Health Benefits


One of the biggest reasons companies hire contractors instead of employees is to avoid paying out health benefits. If you are not covered under a spouse or family member, then you must take this into consideration when negotiating your rate. You may have been making $20 an hour at your last job, but that was before you had to pay for your own health insurance. Before accepting any position, it’s important to price out how much your insurance is going to cost you per month.

On the flip side, if you are used to paying your own taxes and benefits as a contractor, you may consider taking slightly less money to become a full-time employee. It honestly comes down to how much money you will get to take home after taxes minus any additional expenses you have to pay. As we said earlier, it’s crucial to understand if the position you are applying for offers these types of benefits.


Vacation Time


The one thing that sneaks up on contractors who are used to being an employee is no longer having paid time off. If you go away for a week, your next paycheck is going to be significantly less. The same is true if you get sick for multiple days, need to take time off to attend to a family matter, or go away on a trip. As a contractor, if you are not working, then you are not getting paid.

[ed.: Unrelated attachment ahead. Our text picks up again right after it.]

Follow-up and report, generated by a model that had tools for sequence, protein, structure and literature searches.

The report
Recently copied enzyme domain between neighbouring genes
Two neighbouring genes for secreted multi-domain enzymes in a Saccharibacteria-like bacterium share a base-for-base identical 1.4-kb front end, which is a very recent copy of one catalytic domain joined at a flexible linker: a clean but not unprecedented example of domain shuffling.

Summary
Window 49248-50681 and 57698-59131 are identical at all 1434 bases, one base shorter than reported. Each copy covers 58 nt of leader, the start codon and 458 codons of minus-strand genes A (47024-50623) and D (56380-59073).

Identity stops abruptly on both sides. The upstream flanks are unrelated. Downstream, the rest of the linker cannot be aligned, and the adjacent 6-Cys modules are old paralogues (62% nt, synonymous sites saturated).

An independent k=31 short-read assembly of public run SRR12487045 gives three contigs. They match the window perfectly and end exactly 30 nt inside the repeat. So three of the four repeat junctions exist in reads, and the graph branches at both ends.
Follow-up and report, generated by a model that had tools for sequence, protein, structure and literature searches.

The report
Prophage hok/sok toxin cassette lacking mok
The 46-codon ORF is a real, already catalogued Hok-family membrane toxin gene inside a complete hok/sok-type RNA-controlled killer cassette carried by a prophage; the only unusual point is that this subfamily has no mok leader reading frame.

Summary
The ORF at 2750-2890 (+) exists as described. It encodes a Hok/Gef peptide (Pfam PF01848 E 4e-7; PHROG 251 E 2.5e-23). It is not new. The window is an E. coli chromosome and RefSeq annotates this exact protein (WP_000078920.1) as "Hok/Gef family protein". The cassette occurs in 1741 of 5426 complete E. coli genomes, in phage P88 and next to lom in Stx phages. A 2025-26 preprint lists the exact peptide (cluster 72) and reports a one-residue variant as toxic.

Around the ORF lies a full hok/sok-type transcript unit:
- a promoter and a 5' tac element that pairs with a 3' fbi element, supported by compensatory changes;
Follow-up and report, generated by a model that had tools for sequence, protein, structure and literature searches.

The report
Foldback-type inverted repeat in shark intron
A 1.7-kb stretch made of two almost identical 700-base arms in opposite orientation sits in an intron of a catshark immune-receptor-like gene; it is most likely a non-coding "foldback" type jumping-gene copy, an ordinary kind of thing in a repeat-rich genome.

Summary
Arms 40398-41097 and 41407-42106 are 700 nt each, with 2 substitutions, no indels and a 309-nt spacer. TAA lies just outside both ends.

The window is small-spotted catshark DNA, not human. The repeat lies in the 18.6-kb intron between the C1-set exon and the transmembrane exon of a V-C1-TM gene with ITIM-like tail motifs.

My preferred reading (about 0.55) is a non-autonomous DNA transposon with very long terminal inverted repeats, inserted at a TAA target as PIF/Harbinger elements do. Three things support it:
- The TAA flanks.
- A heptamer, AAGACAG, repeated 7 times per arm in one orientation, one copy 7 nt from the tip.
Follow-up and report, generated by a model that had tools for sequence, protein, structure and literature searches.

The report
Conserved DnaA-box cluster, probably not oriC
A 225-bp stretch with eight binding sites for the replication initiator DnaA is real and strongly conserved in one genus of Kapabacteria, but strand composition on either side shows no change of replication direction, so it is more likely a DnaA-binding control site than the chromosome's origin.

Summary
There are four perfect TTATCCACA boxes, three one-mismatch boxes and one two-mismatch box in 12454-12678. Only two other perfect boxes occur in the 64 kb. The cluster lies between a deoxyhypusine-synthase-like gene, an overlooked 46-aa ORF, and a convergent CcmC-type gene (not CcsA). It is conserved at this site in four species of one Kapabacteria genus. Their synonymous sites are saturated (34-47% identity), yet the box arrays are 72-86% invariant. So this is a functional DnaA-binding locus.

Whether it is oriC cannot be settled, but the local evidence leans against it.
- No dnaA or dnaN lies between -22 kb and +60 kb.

The key to balancing this out is to take it into account when you’re negotiating your hourly rate as a contractor. If you used to make $20 an hour, you will want to request at least $25 an hour to make up the difference. If you are planning on taking a vacation, you may want to try to pick up extra work with other companies in the weeks leading up to your trip so you can make up for the money you are going to lose.

Long-Term Security


The biggest difference between the two is the type of security being an employee gives you. You can be sure that your employment will not end when your project does. You can also feel comfortable knowing the company is investing in your growth and sees you as a part of their long-term future. A contractor might not be able to say the same thing. Most contractors have a set end date on their offer letters.

Now, it is possible that a full-time, long-term engagement is not what you are looking for. If you are comfortable working for a different company for a few months here and there, then you should highly consider becoming a contractor instead of an employee. Perhaps your goal is to apply your skill set to several companies at once instead of being stuck with just one. Only you can answer that question for yourself.



It is tough to say which is better, being an employee or a contractor. For many, the idea of having paid vacation time and an open-ended employment is exactly what they are looking for. However, it is possible you are looking to build a book of clients and apply your trade across many companies instead of being pigeonholed to just one. Regardless of which path you choose, be sure to always understand what type of position you are applying to every time.